How to Tell if Your Tomato Plant Is Determinate or Indeterminate

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Long leggy plants that need staking are usually indeterminate.
Image Credit: Zbynek Pospisil/iStock/GettyImages

How do you tell if your tomato plant is determinate or indeterminate, and what do those things mean? Tomatoes come in varieties with different growth habits. The fruits are grown on plants with a determinate, indeterminate and even semi-determinate manner. The manner of growth will determine if and how you will be pruning the plants. Pruning tomatoes is not necessary, but may increase the size of fruit marginally and will make the plants easier to manage.


The difference between determinate and indeterminate ultimately boils down to the length of harvest and the time of harvest. Determinates produce fruit first, usually in a two- to three-week period, while indeterminate varieties will produce fruit for a longer period, but near the end of the summer.

Step 1: Inspect the Branching Formation

Look at the branching formation on your plants. If the branches are long with sparse foliage, they are likely indeterminate. A compact, bushy plant is determinate because it form flowers at the terminal end of the branch, which signals the stem to stop growing. You will need to stake an indeterminate plant or it will fall over when it bears fruit. Determinate plants rarely require staking but can benefit from a tomato cage for support.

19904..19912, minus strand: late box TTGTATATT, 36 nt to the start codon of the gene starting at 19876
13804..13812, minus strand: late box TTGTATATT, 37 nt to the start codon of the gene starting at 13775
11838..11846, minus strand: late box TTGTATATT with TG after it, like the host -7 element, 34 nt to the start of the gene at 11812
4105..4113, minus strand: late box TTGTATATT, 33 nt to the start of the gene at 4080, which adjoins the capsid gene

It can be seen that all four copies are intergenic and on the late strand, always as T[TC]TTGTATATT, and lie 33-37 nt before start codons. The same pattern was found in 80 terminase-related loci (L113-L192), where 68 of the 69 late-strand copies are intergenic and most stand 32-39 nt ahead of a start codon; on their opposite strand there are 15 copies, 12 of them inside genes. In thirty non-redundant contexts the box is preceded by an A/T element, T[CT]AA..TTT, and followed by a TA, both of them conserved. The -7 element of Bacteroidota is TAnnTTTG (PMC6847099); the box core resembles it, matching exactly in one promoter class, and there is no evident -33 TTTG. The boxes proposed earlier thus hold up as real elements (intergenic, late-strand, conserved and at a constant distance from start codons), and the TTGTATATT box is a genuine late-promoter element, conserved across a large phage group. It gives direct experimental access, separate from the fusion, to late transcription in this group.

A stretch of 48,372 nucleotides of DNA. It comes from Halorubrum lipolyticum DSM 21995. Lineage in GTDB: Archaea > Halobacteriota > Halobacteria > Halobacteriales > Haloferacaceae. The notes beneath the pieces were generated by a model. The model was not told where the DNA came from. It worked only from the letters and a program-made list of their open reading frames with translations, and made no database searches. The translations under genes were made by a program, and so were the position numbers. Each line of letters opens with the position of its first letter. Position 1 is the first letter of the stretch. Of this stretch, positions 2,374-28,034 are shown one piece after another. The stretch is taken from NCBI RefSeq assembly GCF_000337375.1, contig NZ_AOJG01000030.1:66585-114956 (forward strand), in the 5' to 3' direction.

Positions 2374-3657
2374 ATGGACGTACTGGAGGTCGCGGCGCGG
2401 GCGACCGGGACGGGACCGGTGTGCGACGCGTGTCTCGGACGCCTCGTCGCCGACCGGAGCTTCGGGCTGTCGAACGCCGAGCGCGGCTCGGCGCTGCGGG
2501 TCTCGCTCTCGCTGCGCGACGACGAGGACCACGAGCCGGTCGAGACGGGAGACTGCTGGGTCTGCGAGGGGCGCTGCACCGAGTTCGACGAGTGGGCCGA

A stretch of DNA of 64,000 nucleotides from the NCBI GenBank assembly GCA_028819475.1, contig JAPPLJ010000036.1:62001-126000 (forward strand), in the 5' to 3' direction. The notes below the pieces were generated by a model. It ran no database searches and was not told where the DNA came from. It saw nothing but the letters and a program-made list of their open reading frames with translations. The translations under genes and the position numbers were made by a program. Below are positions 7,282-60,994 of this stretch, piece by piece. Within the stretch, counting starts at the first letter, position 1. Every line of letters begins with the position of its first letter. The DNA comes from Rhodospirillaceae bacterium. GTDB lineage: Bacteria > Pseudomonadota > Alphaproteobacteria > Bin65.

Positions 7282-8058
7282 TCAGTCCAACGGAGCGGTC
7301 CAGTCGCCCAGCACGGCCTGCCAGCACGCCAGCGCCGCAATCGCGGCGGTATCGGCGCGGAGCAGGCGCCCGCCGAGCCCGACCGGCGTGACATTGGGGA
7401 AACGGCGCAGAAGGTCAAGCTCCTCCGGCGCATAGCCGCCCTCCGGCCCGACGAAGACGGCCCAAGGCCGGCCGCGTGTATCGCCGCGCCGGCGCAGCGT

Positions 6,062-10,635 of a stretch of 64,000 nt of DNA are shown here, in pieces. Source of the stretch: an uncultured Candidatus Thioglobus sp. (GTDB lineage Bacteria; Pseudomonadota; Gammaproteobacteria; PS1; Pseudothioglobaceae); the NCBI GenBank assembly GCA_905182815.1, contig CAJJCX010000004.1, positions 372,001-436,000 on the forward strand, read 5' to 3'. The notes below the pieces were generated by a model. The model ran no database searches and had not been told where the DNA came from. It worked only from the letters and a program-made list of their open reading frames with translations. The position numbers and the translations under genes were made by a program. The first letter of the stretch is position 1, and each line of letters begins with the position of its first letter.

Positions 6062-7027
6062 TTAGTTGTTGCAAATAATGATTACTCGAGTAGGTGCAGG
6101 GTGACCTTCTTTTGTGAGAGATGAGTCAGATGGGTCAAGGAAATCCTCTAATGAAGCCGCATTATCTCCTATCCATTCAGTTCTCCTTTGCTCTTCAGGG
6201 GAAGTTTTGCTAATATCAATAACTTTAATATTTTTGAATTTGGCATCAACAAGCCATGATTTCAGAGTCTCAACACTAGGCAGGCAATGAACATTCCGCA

Step 2: Look for Suckers

Check for suckers at the base of your tomato plant and at the crotch of a leaved stem. These are small growth that will increase density in the tomato plant's crown, but will not flower and fruit. They need to be pruned out with hand pruners and they only happen on indeterminate plants. If they are left to grow, the plant may have mildew problems due to lack of air circulation, problems with fruit ripening because sunlight is not penetrating, and the suckers draw energy that would be better used on the fruit.

Step 3: Consider the Plant Height

Consider the height of the plant. Determinate varieties are usually only 2 to 3 feet tall. Indeterminate plants can get 6 feet tall and have numerous long branches. The determinate plants are also referred to as compact and usually have smaller fruit than indeterminate varieties. The smaller size can make determinate varieties better for container gardens. Some of the newer varieties of tomatoes are determinate while the older ones and many heirlooms are indeterminate.


Step 4: Count the Flowers

Count how many flowers are in various stages and how many are simply mature and ready to fruit. The determinate plants will flower nearly all at once and set fruit that will be the one crop on the plant and will ripen at nearly the same time. Then the plant yellows and is finished. The indeterminate plant will have buds, flowers and flowers that have been pollinated all at once and the cycle will continue all season long.

Step 5: Read the Plant Tag

Check the plant tag to learn the variety when buying tomato plants. Some of the common indeterminate types grown in the home garden are: Brandywine, Early Girl and Mr. Stripey. Some determinates that have proven to do well in the home vegetable garden are: Celebrity, Small Fry and Oregon Spring.



Bonnie Grant

Bonnie Grant began writing professionally in 1990. She has been published on various websites, specializing in garden-related instructional articles. Grant recently earned a Bachelor of Arts in business management with a hospitality focus from South Seattle Community College.